For the kingdom of God is not a matter of eating and drinking, but of righteousness, peace and joy in the Holy Spirit.
Romans 14:17 (NIV)
Yesterday Wendy and I were with our local gathering of Jesus’ followers and I met young ladies who were from Honduras, Nigeria, and Afghanistan. I was told that the first time my young sister from Afghanistan joined us I happened to give the message that day, and she was relatively new to living here in the States. At some point during the message I began to cry (that happens quite frequently, I’m afraid). She, however, was taken aback. Culturally, men in Afghanistan do not cry, especially in public. She laughed about it now, and the moment became an opportunity for her to learn and grow on a number of different levels. Very cool.
Along my journey I have encountered people from all manner of cultural, religious, and denominational backgrounds. People have all sorts of things that are important to them religiously, spiritually, or culturally from things you eat (or don’t), things you wear (or don’t), and certain days that are special (or not). We’re not talking here about matters of civil law or basic morality. This conversation is about preferences, practices, customs and traditions that are not the command of Christ, though they may hold some special spiritual significance to a particular individual or a particular group of individuals.
As Paul is writing to the followers of Jesus in Rome, he is aware that among all the fledgling local gatherings of believers there are very diverse cross-sections of humanity. Not just Jews and Gentiles, but people from different nations, tribes, cultural backgrounds, and socio-economic positions. This would especially have been true in Rome which was the cosmopolitan epicenter of the western world at the time. The Jesus Movement was breaking down barriers between people for the first time history and for the first time people were interacting with one another, eating together, worshipping together, and speaking to one another as equals on a regular basis. Of course this is going to create all sorts of minor clashes between people from diverse cultural, religious, social and economic backgrounds.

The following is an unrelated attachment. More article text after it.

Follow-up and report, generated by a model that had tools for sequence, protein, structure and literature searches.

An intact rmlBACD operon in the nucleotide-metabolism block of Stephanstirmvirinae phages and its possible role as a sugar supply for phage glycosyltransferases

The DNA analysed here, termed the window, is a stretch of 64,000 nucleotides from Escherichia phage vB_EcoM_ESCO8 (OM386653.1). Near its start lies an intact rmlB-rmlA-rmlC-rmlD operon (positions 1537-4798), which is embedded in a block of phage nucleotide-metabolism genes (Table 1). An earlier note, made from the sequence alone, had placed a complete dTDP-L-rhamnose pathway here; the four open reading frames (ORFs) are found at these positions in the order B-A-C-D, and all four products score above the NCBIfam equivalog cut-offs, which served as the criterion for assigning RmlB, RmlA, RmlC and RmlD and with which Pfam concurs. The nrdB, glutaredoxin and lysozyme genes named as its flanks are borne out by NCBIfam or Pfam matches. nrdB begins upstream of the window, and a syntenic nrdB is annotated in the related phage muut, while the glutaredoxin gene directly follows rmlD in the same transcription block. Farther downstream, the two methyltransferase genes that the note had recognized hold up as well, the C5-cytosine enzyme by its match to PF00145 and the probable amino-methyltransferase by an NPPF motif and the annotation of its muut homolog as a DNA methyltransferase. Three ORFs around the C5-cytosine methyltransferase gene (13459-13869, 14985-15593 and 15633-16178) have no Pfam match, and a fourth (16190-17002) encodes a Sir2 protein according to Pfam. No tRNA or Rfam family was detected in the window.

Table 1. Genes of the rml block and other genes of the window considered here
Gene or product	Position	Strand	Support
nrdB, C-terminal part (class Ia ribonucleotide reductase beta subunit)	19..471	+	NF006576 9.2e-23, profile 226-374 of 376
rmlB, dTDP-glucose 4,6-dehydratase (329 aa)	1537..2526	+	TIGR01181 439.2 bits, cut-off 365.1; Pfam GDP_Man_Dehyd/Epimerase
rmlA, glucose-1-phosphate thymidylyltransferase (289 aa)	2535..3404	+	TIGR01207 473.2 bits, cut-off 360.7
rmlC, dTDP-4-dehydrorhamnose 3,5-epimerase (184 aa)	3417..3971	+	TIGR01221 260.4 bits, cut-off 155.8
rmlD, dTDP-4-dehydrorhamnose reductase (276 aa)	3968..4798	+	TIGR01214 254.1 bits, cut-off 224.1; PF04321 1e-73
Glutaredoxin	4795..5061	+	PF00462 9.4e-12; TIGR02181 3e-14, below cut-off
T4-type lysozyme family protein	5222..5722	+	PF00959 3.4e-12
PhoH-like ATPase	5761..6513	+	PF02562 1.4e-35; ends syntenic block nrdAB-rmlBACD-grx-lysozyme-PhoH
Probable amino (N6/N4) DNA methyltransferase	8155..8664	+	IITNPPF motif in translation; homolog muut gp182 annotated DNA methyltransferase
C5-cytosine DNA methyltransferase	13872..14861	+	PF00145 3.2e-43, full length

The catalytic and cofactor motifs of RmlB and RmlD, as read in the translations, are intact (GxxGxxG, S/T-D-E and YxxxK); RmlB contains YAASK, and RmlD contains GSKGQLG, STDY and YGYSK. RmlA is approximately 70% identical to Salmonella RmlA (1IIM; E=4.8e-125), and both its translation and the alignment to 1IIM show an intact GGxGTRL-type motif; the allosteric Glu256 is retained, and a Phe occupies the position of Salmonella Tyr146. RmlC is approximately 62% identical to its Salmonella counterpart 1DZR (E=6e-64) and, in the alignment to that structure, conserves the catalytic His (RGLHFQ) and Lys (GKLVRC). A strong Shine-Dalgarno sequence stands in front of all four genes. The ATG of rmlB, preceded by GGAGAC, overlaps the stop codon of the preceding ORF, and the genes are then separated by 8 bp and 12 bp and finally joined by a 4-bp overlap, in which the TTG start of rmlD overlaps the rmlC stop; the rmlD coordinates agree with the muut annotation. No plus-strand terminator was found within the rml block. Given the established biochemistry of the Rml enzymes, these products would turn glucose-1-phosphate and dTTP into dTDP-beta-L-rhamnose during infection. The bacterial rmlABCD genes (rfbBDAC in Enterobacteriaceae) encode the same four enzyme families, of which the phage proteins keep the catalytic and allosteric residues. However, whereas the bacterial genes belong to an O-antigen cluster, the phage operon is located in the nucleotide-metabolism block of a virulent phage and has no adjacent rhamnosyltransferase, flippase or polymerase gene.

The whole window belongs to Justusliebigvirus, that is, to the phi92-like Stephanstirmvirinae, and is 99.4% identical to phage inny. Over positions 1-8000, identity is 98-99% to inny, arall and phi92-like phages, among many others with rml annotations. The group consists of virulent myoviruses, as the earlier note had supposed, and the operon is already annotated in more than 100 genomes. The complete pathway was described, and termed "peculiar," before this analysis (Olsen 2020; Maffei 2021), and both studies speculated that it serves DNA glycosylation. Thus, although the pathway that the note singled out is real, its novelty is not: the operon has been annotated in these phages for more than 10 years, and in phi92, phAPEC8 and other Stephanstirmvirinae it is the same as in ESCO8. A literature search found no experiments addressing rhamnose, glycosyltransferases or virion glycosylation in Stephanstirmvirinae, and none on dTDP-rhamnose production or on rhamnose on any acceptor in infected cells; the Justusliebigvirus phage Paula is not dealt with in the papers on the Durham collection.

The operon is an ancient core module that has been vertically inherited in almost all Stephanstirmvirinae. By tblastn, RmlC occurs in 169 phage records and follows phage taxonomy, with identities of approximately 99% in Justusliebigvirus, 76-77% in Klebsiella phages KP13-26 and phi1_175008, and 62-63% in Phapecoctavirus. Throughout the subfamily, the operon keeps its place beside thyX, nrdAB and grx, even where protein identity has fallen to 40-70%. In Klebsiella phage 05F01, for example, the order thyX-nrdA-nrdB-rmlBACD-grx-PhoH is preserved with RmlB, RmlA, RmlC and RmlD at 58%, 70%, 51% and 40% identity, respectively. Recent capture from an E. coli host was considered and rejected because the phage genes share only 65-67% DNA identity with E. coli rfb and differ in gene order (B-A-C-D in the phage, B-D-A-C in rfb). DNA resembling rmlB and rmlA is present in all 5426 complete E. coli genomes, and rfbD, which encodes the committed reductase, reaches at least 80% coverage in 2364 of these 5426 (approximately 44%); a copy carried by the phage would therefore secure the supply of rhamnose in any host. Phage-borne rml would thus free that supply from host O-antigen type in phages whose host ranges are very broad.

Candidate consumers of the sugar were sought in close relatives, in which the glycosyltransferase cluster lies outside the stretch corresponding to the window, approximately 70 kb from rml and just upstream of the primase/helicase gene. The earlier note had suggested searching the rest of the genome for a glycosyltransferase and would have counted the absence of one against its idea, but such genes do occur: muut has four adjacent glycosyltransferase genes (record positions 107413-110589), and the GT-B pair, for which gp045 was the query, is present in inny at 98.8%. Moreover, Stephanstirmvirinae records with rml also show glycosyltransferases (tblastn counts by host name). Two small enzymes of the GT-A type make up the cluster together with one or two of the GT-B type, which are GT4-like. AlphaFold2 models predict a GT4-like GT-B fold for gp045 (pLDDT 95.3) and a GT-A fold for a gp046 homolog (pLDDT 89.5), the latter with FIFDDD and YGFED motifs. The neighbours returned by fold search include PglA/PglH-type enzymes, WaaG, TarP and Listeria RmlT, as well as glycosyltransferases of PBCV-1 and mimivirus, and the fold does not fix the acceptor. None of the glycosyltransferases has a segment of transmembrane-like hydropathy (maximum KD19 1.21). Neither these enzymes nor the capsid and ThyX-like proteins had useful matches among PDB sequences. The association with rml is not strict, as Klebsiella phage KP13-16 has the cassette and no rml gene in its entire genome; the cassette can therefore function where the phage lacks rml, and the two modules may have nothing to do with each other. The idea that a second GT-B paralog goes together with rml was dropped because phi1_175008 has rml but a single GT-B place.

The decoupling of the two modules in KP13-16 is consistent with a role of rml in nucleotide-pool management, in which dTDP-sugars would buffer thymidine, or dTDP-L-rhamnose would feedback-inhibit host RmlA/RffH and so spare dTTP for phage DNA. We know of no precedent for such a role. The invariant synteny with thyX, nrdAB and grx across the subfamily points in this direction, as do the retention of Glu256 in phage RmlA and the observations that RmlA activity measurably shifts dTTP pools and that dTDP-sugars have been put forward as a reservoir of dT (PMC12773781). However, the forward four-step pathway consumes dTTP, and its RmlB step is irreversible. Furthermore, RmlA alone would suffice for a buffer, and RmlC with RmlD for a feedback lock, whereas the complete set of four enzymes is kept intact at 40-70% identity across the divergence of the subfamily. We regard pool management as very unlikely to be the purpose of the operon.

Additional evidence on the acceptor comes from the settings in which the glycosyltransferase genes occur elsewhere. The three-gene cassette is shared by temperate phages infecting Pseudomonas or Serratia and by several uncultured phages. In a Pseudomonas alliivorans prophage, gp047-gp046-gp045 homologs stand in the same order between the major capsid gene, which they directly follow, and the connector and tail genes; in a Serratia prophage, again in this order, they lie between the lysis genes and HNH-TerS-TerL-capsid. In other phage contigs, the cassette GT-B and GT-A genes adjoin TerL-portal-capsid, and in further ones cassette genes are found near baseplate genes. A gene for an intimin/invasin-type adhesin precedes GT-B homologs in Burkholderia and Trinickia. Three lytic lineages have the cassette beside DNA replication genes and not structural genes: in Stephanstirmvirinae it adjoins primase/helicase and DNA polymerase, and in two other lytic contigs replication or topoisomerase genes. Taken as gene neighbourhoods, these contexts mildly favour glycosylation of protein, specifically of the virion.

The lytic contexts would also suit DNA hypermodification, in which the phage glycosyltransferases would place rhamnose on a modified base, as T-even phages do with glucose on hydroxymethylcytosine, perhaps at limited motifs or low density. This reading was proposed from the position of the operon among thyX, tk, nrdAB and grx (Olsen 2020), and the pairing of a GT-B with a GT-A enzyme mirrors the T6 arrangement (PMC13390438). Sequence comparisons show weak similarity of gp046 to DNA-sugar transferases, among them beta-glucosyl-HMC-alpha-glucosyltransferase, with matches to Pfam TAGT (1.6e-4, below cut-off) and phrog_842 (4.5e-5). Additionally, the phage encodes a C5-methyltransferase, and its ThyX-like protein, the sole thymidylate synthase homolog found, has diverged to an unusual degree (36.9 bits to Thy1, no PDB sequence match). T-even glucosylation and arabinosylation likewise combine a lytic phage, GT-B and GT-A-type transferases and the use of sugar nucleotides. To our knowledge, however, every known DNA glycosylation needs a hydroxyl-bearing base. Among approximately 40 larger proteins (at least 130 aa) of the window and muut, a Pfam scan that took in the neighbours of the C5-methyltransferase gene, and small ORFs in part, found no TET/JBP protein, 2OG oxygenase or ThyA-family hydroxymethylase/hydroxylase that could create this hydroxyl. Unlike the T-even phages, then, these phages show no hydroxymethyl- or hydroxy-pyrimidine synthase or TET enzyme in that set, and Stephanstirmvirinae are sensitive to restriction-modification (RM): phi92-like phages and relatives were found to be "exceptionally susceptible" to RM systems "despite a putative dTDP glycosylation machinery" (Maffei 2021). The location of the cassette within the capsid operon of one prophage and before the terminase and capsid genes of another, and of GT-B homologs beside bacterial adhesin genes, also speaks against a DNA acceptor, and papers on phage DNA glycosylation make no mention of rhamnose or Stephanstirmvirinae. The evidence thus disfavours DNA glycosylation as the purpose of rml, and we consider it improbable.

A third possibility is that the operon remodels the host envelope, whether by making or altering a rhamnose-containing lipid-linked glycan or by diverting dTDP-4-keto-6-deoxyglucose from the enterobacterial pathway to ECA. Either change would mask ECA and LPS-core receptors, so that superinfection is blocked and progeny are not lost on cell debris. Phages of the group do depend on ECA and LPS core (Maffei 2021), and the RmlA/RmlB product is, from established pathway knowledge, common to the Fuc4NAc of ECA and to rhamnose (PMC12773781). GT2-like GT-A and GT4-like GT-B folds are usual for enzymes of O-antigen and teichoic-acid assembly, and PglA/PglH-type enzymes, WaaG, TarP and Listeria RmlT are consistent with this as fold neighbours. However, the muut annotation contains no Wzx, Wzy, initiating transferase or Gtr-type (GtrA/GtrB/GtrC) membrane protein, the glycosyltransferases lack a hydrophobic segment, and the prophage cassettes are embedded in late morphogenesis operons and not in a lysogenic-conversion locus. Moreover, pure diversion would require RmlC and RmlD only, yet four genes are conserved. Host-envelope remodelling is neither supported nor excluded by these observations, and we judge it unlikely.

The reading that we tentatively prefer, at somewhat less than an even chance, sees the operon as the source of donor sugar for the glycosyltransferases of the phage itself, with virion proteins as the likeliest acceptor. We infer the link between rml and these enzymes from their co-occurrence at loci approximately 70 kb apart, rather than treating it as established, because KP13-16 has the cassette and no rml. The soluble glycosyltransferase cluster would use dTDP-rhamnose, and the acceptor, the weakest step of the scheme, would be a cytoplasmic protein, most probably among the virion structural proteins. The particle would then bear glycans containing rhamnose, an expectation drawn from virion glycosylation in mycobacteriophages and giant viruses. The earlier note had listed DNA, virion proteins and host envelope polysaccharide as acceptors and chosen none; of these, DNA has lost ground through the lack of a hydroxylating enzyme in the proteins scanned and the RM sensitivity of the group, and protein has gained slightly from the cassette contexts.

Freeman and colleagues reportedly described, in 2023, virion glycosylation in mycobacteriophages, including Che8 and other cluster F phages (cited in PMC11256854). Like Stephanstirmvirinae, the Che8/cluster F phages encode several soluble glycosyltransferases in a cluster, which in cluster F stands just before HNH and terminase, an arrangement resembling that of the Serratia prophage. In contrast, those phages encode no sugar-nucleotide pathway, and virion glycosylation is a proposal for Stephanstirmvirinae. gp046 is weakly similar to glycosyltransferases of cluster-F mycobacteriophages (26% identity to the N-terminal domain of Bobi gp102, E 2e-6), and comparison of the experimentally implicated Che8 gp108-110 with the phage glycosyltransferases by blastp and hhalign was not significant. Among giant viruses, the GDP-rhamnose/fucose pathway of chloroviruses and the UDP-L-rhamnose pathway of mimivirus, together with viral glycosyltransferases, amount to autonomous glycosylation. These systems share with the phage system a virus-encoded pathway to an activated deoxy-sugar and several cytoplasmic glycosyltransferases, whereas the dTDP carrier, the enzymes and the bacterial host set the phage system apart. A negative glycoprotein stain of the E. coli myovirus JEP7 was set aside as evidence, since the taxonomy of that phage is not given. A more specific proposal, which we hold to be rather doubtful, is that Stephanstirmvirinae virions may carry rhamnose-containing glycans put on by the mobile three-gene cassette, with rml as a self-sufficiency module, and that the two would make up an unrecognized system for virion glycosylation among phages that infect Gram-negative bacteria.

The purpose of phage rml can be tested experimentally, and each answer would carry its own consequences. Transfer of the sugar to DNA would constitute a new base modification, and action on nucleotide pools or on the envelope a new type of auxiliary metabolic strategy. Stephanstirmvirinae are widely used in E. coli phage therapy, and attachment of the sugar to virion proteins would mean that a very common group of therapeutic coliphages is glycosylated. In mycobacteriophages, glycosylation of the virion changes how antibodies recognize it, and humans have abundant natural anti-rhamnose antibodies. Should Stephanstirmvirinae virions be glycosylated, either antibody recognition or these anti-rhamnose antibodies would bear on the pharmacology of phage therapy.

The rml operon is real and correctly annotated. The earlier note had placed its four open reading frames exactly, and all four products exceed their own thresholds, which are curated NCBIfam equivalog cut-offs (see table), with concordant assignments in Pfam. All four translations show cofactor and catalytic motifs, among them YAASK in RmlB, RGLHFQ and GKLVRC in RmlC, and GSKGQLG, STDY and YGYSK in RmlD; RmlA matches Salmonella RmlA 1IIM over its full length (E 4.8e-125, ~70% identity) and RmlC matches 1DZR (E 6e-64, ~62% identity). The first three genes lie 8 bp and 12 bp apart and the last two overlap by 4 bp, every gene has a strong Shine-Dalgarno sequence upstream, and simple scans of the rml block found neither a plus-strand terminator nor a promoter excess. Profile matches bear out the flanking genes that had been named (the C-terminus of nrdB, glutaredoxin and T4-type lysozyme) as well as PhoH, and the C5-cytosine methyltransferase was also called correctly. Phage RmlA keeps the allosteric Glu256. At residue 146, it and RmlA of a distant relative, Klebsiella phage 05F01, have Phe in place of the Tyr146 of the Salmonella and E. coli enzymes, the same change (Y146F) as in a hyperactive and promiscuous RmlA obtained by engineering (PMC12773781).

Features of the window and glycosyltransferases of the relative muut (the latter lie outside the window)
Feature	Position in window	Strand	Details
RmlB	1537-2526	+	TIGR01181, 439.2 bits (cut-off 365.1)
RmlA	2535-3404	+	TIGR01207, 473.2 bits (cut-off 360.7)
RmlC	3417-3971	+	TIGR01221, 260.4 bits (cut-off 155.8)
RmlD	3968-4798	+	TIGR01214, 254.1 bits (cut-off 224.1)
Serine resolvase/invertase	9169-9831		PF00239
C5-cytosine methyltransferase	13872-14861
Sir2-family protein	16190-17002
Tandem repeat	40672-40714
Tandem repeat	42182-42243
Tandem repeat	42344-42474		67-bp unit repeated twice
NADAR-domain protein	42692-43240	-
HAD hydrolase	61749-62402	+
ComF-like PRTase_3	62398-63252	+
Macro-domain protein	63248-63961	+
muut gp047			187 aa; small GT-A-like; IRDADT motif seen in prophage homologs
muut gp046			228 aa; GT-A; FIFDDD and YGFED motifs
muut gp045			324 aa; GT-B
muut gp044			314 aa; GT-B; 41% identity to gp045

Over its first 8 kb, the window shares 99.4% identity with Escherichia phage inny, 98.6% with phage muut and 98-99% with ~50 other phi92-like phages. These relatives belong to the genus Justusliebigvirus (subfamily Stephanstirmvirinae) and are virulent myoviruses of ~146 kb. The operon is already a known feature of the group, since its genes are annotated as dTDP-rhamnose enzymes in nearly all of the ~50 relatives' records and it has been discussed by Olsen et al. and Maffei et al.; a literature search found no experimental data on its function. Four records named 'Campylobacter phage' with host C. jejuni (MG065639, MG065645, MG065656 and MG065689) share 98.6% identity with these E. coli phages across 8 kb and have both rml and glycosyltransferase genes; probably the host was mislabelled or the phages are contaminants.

In today’s chapter Paul gives some very clear teaching on these various and sundry differences.
First, he points out that what a person eats and drinks (or doesn’t) and what days are of special spiritual significance (or not) are really of no concern to God but are merely concerns of personal, individual conscience. This, in and of itself, might be a huge eye-opener if my ego has convinced me that I am the universal spiritual template and standard by which all other followers of Jesus should abide by and be judged. Each individual, Paul instructs, should worry only about herself/himself and her/his own behavior in accordance with her/his own conscience before God.
Second, Paul explains that because many different believers have very different matters of conscience on these matters there is no binary “right” and “wrong” in these matters except within my own heart and mind. These things are a private matter between me and God.
That being said and established, Paul urges me to take off my Junior Holy Spirit badge and stop playing spiritual judge, jury, and executioner applying my personal conscience before God onto others who have very different consciences before the same God. “Worry about yourself,” Paul is saying, “and let God worry about others.”
Finally, Paul exhorts me to follow the example of Christ and put others and their personal consciences above my own right to exercise my very different conscience. If I know that a person holds that Sabbath is sacred, I’m not going to ask her/him to come over and help me move my couch that day. If I know that another person finds alcohol to be evil and prohibitive, I’m not going to make an appointment to meet that person at the local pub and I’m going to abstain from drinking in her/his presence.
And, if a sister finds that a man crying in public is wrong, well…I’ll try to hold it together!
Have a great week, my friend!